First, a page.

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Governing the Bottle: Alcohol, Race and Class in Nineteenth-Century India

Wald, Erica. 2018. Governing the Bottle: Alcohol, Race and Class in Nineteenth-Century India. The Journal of Imperial and Commonwealth History, 46(3), pp. 397-417. ISSN 0308-6534 [Article]

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Abstract or Description

Following a series of aggressive military campaigns across India, by the early nineteenth century, the East India Company had secured a more definitive political space for itself in India. However, in taking over the administration of the diwani, or administration and revenue collection duties in Bengal, the Company gained responsibility for the taxes that governed the production and sale of alcohol and drugs—the abkari system. The abkari duties represented an opportunity and challenge for the colonial state. What followed changed the social landscape of India as the Company developed a series of regulations to govern alcohol in both military and civil space. These laws quickly moved beyond earlier Mughal dictates on alcohol, revealing the state’s intent to mould society through taxation.

This article frames these colonial taxes on alcohol as a tool of governmentality. It argues that the state utilised the abkari department not simply as a means of generating revenue, but as a means of managing social relations and economic life in nineteenth-century India. It explores the path that the colonial state sought to forge between arguing for the ‘moral uplift’ of drinking populations and securing reliable revenue for Company (and later Crown) coffers. The laws themselves were often race- (and class-) specific, suggesting, for example, the pre-disposition of certain peoples to particular drinks. Moreover, the drinks themselves, whether toddy or ‘European’-style distilled spirits, were assigned a racial identity. While European observers viewed toddy as ‘natural’ and even beneficial when drunk by poor Indian labourers, in the throats of European soldiers it was labelled ‘dangerous’ or even lethal. Conversely, later Indian campaigners warned that ‘alien’ distilled spirits, such as whisky or rum, were completely foreign to India and that their introduction suggested a darker, less benevolent, side to India’s colonial rule. As such, these colonial controls on alcohol, and the debates that swirled around them, illuminate the ways in which the colonial state both understood and attempted to shape its subjects and servants.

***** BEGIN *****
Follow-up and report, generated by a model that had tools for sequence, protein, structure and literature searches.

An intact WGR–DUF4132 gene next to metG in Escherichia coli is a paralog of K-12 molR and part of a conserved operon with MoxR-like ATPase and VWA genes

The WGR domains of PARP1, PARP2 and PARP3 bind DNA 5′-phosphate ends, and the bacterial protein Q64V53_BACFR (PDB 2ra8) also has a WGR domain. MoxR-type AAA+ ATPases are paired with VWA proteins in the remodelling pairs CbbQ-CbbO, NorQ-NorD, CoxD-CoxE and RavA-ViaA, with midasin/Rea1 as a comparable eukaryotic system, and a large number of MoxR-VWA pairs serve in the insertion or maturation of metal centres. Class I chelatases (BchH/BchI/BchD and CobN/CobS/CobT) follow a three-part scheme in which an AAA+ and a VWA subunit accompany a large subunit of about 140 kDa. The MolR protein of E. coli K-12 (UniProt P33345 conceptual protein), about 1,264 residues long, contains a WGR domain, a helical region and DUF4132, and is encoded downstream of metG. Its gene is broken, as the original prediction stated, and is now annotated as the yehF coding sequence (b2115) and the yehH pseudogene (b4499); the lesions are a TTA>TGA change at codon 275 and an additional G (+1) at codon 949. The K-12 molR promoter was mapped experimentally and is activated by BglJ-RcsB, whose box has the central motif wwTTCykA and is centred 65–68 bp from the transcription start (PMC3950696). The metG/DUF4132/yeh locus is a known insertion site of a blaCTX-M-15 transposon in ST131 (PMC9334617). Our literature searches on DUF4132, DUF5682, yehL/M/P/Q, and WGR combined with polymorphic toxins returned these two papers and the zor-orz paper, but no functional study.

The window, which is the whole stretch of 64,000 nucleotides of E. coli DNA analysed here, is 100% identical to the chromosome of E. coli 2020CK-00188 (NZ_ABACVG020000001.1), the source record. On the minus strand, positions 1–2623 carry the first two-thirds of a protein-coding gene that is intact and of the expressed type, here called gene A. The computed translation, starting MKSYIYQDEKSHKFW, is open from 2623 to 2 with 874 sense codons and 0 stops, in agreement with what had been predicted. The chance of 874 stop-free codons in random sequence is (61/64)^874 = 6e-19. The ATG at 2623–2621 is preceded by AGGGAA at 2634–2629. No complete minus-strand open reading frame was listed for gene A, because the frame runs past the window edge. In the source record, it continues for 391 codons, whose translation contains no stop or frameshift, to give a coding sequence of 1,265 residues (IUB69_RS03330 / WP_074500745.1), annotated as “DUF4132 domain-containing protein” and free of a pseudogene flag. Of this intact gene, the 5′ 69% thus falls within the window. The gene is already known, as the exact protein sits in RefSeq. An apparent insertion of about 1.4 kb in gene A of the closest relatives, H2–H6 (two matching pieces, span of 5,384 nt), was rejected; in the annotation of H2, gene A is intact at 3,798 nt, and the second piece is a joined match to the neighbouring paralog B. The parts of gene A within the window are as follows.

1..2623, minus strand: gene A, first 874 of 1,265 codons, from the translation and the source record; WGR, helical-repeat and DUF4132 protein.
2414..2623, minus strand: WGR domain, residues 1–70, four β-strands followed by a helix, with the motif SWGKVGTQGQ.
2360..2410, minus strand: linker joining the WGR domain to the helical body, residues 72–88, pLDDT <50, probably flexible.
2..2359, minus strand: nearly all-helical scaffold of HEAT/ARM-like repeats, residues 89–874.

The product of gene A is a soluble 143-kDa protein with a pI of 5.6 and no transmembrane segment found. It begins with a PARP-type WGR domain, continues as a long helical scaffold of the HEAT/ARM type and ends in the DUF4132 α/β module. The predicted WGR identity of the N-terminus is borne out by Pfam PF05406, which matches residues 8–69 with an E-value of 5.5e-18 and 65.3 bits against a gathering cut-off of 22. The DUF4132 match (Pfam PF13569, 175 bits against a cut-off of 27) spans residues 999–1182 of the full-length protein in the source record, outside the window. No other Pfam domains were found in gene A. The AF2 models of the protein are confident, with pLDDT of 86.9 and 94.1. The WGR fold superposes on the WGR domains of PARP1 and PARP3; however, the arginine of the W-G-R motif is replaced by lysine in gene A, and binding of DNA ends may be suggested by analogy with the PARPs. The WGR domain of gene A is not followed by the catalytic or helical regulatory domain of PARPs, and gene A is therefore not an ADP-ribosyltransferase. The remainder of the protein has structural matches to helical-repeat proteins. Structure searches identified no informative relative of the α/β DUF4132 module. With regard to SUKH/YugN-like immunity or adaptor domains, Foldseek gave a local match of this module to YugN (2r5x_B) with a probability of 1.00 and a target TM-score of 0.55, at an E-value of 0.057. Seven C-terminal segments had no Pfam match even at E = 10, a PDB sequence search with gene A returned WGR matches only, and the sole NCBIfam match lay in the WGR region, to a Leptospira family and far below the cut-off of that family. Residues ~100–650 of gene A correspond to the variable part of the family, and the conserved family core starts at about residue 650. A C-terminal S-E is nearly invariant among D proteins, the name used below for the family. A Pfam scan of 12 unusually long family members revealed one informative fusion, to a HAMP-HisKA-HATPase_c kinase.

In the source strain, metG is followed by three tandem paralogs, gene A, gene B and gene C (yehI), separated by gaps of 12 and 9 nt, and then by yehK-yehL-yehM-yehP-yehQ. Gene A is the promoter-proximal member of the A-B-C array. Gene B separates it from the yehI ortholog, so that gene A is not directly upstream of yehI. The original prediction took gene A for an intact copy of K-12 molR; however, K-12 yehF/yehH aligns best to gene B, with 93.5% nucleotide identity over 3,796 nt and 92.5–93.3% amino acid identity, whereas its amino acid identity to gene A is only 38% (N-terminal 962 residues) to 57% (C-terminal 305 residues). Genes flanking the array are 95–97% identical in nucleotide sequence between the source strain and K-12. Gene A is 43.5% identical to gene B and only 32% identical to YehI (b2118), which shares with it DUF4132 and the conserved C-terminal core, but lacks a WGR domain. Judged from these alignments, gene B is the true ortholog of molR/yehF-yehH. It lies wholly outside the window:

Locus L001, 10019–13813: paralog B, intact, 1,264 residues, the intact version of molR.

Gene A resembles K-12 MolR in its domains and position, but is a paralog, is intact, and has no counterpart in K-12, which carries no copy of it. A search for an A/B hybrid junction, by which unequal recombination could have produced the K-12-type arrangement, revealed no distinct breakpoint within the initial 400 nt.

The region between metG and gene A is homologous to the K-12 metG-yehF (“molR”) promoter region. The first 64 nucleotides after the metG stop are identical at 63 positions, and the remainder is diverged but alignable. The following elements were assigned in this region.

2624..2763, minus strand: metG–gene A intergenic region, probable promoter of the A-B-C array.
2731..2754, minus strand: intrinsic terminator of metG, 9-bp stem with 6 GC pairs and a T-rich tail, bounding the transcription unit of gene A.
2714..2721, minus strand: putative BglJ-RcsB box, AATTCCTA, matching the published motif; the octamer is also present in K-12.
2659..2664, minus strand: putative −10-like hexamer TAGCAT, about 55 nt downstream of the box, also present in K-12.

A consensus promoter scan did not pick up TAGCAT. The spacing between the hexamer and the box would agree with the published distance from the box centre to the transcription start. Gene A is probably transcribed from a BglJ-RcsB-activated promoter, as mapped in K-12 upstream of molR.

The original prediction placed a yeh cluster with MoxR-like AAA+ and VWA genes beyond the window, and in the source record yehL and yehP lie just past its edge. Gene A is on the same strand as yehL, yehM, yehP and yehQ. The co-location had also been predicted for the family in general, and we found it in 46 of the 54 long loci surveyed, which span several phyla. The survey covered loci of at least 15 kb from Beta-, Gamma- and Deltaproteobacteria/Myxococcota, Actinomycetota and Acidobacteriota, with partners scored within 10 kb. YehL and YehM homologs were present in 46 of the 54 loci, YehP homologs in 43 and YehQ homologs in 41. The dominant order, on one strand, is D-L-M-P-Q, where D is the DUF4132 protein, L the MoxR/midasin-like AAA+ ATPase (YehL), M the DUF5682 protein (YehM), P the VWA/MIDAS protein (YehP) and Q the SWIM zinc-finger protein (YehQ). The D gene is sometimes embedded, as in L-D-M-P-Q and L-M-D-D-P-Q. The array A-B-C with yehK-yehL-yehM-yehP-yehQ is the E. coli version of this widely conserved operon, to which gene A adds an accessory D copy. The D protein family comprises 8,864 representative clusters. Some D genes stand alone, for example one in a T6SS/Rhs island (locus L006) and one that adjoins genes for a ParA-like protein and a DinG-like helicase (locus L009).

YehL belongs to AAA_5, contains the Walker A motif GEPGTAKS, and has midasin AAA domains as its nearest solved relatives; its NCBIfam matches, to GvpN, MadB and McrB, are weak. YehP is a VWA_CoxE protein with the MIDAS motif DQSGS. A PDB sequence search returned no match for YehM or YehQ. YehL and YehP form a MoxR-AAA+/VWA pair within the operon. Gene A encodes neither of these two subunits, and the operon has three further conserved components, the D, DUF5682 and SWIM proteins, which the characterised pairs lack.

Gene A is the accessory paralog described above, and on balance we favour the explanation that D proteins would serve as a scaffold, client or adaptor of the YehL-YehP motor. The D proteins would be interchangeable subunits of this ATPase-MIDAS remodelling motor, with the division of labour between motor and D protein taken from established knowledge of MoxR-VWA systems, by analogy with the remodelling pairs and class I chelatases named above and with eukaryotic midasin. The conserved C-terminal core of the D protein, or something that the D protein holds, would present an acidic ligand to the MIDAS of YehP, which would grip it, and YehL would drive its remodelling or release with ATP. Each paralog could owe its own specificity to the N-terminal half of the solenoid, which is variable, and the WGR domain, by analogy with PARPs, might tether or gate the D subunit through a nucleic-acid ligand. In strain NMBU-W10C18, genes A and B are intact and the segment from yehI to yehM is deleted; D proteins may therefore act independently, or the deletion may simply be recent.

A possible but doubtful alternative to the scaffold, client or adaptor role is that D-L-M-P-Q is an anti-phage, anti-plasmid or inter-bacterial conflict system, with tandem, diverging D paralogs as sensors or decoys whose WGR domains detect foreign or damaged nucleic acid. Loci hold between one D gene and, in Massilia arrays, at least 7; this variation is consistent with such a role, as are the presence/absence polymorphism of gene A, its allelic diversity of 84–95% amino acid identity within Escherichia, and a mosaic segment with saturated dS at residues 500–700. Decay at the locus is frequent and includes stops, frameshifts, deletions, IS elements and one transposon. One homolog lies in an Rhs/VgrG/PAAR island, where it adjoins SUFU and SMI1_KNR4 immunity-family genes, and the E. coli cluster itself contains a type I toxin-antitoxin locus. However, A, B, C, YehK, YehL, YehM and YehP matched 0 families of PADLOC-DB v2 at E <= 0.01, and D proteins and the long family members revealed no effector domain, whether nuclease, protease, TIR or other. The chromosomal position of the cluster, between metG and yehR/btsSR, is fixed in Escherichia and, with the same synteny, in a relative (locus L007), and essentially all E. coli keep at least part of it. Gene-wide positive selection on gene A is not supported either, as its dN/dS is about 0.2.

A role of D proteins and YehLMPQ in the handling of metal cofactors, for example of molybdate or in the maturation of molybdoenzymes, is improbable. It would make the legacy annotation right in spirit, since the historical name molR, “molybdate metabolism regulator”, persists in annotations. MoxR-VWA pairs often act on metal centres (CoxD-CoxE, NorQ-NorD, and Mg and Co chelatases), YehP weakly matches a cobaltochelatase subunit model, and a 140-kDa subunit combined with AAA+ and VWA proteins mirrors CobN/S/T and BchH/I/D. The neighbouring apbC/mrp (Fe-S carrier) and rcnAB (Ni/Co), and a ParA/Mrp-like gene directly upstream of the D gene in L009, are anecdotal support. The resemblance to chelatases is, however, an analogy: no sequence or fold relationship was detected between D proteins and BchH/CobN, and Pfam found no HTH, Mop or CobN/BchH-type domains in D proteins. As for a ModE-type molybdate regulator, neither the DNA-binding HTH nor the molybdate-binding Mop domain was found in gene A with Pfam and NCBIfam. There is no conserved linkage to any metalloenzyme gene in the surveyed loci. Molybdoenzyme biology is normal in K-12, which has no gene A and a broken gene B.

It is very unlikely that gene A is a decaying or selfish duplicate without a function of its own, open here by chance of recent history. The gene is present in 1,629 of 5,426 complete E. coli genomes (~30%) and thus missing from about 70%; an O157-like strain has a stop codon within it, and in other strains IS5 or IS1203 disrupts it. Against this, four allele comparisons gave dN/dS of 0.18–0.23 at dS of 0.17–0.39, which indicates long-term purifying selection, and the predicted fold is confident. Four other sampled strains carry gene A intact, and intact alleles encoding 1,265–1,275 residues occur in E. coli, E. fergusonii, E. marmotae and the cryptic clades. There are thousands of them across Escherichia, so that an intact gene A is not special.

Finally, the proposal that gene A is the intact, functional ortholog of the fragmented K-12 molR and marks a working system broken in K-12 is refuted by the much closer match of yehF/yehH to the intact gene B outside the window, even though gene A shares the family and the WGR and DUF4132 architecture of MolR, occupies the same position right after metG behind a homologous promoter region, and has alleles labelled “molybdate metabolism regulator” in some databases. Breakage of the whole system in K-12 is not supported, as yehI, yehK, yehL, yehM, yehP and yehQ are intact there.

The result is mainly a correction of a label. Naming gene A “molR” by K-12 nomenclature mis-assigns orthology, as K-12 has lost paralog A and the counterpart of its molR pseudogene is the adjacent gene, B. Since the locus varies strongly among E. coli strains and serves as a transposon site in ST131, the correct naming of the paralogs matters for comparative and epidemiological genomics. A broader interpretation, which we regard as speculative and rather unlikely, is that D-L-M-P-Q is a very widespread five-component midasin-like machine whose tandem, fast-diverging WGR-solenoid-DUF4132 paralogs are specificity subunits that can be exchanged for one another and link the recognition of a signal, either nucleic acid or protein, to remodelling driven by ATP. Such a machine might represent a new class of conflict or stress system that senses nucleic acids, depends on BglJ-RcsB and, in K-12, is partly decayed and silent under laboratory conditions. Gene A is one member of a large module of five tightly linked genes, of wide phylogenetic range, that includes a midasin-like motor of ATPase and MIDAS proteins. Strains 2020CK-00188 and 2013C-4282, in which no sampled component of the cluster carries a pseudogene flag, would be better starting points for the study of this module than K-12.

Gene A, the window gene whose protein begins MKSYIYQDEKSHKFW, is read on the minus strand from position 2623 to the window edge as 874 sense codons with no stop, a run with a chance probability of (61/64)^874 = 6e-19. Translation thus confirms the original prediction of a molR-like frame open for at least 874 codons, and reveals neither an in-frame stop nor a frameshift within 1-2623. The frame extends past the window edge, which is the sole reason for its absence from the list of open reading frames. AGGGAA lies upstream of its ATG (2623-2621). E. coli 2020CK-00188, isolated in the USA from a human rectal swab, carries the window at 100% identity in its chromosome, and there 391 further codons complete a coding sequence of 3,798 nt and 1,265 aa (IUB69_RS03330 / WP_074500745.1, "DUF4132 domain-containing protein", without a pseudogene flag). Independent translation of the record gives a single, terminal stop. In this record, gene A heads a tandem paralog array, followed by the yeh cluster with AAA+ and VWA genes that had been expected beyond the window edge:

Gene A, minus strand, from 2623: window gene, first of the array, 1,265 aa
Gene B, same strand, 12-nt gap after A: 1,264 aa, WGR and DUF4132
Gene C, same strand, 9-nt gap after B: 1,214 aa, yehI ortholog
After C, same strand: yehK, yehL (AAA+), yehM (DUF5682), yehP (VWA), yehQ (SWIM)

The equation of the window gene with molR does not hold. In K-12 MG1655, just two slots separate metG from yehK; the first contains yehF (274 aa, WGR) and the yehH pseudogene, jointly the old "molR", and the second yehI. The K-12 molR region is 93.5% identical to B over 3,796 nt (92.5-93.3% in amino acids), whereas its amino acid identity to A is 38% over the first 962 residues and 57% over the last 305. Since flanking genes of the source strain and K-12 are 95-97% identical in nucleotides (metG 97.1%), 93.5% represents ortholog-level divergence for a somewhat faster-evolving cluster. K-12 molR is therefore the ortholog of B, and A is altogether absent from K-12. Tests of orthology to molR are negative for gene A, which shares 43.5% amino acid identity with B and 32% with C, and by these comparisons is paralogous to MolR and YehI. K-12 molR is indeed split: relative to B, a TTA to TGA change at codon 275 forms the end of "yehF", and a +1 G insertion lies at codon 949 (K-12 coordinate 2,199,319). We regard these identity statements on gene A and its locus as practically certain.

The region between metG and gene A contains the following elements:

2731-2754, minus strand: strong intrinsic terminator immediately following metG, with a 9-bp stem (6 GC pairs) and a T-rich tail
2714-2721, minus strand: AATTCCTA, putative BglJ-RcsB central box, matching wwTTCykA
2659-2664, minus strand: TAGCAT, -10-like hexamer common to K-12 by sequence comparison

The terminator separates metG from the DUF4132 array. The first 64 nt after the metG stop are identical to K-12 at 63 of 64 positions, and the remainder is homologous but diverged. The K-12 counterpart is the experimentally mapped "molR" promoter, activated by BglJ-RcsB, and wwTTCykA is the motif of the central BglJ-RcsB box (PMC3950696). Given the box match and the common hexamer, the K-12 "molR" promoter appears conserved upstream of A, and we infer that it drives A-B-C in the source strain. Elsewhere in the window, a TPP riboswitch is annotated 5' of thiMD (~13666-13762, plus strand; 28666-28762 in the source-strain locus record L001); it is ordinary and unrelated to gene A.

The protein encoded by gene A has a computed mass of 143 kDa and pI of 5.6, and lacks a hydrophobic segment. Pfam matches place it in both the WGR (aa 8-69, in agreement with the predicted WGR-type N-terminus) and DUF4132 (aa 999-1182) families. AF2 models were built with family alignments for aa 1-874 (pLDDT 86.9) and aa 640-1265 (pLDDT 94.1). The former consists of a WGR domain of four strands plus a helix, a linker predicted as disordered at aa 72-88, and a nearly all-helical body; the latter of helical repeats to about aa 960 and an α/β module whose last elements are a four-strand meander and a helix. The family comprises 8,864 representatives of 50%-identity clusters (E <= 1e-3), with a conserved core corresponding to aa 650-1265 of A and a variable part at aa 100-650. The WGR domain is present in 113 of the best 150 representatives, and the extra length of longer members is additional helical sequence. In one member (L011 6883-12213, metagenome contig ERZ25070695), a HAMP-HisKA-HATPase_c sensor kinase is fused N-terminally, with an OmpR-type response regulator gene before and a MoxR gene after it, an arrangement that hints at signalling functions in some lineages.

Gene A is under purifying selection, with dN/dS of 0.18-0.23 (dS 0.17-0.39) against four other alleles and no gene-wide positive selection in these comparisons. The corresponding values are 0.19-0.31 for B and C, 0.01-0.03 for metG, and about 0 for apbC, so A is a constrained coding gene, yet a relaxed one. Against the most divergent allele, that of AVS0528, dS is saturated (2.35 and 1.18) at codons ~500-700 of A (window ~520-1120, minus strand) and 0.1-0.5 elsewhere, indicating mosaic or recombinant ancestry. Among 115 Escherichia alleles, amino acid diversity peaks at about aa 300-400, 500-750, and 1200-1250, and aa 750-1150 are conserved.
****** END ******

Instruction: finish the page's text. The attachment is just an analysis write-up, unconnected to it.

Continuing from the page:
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Alcohol, India, consumption, excise, abkari, military law, race, class

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9 March 2018Accepted
25 March 2018Published

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Date Deposited:

10 Apr 2018 11:57

Last Modified:

01 Sep 2019 01:26

Peer Reviewed:

Yes, this version has been peer-reviewed.


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